By Peter Muiruri
Two weeks ago, Kenya lost Tim, the iconic tusker who roamed the plains of Amboseli for 50 years. Wildlife conservationists are still mourning the jumbo. He was among the few elephants in Kenya you could approach at close quarters and live to tell the story.
I never met Tim personally, but I have been close enough to other elephants and lived another day. In the 28,000-acre Taita Hills Sanctuary lies the picturesque Sarova Salt Lick Lodge where visitors can come to within inches of these mighty creatures.
I first drove to the region close to seven years ago after a random coastal safari. Back then, the Voi-Taveta road was under construction. I meandered through local farms so as to avoid the heavy earth-moving machinery. A big chunk of the road resembled the lunar landscape.
My latest drive to Taita Hills was different. The road works have since been concluded. The new road traverses Tsavo, one of Kenya’s most beautiful ecosystems. It is not unusual for motorists to stop and give way to wild animals.
Back to the Salt Lick elephants. The beasts are the key reason people visit the lodge that sits on stilts. An architectural marvel, Salt Lick is in good company with other unique lodges in Kenya such as The Ark in the Aberdares and the Treetops in the same vicinity made famous for hosting Queen Elizabeth II in her inaugural visit to Kenya. There is also Mount Kenya Safari Club where part of a room sits in the northern hemisphere and the other on the southern hemisphere.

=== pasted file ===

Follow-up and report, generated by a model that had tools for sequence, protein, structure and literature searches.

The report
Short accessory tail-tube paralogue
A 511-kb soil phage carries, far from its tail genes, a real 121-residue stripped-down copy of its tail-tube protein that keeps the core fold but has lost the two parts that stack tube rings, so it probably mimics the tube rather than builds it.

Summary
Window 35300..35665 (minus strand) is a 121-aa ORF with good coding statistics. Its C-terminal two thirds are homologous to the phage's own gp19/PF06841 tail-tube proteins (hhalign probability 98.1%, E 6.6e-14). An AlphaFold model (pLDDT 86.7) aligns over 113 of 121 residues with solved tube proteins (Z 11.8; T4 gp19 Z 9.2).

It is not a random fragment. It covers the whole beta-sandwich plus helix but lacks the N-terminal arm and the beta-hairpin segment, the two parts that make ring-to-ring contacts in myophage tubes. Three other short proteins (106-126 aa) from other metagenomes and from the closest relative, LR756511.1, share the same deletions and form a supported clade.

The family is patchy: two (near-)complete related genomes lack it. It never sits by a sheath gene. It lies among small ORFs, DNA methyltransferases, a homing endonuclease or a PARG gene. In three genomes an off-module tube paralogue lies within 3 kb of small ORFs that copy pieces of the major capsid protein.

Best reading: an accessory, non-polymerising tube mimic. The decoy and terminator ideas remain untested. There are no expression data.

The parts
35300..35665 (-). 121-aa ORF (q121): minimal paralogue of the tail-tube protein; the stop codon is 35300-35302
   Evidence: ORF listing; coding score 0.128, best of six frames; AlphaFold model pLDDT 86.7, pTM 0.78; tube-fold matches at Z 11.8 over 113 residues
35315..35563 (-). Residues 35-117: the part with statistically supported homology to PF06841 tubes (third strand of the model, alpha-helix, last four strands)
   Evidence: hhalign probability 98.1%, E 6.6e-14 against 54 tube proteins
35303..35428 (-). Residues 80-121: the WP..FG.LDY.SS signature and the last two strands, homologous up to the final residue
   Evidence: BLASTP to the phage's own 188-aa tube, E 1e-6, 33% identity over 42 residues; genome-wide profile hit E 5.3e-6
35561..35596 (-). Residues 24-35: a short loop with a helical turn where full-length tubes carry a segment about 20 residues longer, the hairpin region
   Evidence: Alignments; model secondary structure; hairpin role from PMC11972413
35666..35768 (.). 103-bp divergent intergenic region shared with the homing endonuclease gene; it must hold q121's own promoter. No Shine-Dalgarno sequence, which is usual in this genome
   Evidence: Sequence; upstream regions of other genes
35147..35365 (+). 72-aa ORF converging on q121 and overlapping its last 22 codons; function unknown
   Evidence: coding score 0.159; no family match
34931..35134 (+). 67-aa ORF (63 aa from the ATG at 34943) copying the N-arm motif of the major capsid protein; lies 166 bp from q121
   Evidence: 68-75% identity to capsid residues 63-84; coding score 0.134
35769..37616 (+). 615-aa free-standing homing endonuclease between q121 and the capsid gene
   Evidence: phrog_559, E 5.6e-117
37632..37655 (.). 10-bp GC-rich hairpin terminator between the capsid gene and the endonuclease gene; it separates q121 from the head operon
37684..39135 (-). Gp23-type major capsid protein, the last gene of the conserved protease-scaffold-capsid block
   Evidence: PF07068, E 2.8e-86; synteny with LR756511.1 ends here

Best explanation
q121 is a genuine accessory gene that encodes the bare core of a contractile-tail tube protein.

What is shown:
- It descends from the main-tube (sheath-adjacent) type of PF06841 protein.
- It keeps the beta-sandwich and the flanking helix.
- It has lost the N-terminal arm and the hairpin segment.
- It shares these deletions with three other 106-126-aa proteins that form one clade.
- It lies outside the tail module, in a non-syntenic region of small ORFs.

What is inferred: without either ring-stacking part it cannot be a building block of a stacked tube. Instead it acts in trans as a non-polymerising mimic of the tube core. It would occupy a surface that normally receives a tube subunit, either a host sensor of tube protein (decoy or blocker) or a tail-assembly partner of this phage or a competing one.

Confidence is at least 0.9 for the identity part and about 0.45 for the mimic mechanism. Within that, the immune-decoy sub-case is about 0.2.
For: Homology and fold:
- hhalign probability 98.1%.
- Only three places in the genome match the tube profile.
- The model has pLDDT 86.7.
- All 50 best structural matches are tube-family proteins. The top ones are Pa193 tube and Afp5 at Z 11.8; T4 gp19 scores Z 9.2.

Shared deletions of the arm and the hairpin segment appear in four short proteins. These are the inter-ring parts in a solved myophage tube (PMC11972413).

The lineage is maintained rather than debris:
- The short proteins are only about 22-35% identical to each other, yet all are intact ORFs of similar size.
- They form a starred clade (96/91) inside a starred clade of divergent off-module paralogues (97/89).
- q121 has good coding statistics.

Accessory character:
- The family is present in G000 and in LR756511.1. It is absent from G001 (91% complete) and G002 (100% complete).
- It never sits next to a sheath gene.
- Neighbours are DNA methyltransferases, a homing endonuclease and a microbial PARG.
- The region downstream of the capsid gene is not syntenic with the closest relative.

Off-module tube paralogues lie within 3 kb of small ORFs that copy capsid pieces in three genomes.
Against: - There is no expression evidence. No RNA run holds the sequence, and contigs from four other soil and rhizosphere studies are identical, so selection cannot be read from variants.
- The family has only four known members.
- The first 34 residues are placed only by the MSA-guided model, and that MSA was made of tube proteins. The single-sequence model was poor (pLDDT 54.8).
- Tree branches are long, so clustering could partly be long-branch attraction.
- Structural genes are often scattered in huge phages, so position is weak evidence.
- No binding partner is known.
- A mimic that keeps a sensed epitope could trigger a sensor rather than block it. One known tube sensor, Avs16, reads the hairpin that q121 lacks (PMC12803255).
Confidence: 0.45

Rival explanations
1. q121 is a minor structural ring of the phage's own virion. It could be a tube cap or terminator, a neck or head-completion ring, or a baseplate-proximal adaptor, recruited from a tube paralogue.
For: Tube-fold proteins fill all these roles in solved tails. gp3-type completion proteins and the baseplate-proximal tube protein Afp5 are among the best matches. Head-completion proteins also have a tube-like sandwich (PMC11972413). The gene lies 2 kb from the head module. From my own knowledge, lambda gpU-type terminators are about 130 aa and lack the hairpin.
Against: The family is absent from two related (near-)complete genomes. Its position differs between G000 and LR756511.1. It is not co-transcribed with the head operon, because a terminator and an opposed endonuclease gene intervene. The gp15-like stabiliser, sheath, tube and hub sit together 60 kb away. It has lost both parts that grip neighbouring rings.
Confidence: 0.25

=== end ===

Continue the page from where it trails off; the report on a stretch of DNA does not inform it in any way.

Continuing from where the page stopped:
At Salt Lick, the terraced bar and restaurant provides excellent views and photo opportunities of the animals that hug the wooden barricade as they drink water a breath away from diners. To get even closer, an underground tunnel and bunker with ground-level windows provide unbelievably close yet safe access to the elephants.
In the evenings powerful floodlights illuminate the waterhole making sure that night owls do not miss any piece of action.
But there is more than just elephants here. In my solo evening here, I sat with the lodge manager Willie Mwadilo who not only seems to know each elephant by name but the region’s tumultuous history as well.
The area surrounding the lodge, Mwadilo told me, was badly scarred during the Second World War as the British and the Germans took aim at each other. Though the war had nothing to do with Africans, they are the one who suffered most casualties.
The irony was that even after the war ended in Europe, Africans in East Africa continued fighting as the news about the end of the war did not reach here in good time. Mwadilo and his team have since erected a monument in honour of the fallen black soldiers.
Guests at the lodge do not have to walk or drive around in search of game. Or the panoramic view of the Taita plains with the entire splendour. No wonder this is one of the most photographed spot in the country.
Despite the room ambience, I still had to drive around the expansive wildlife sanctuary to see more of the country’s vaunted beauty. Watching the sunset on the horizon, the orange hues reflecting over Taita Hills was magical.
Next time you feel like doing a long drive, head to Taita land and meet the salt licking elephants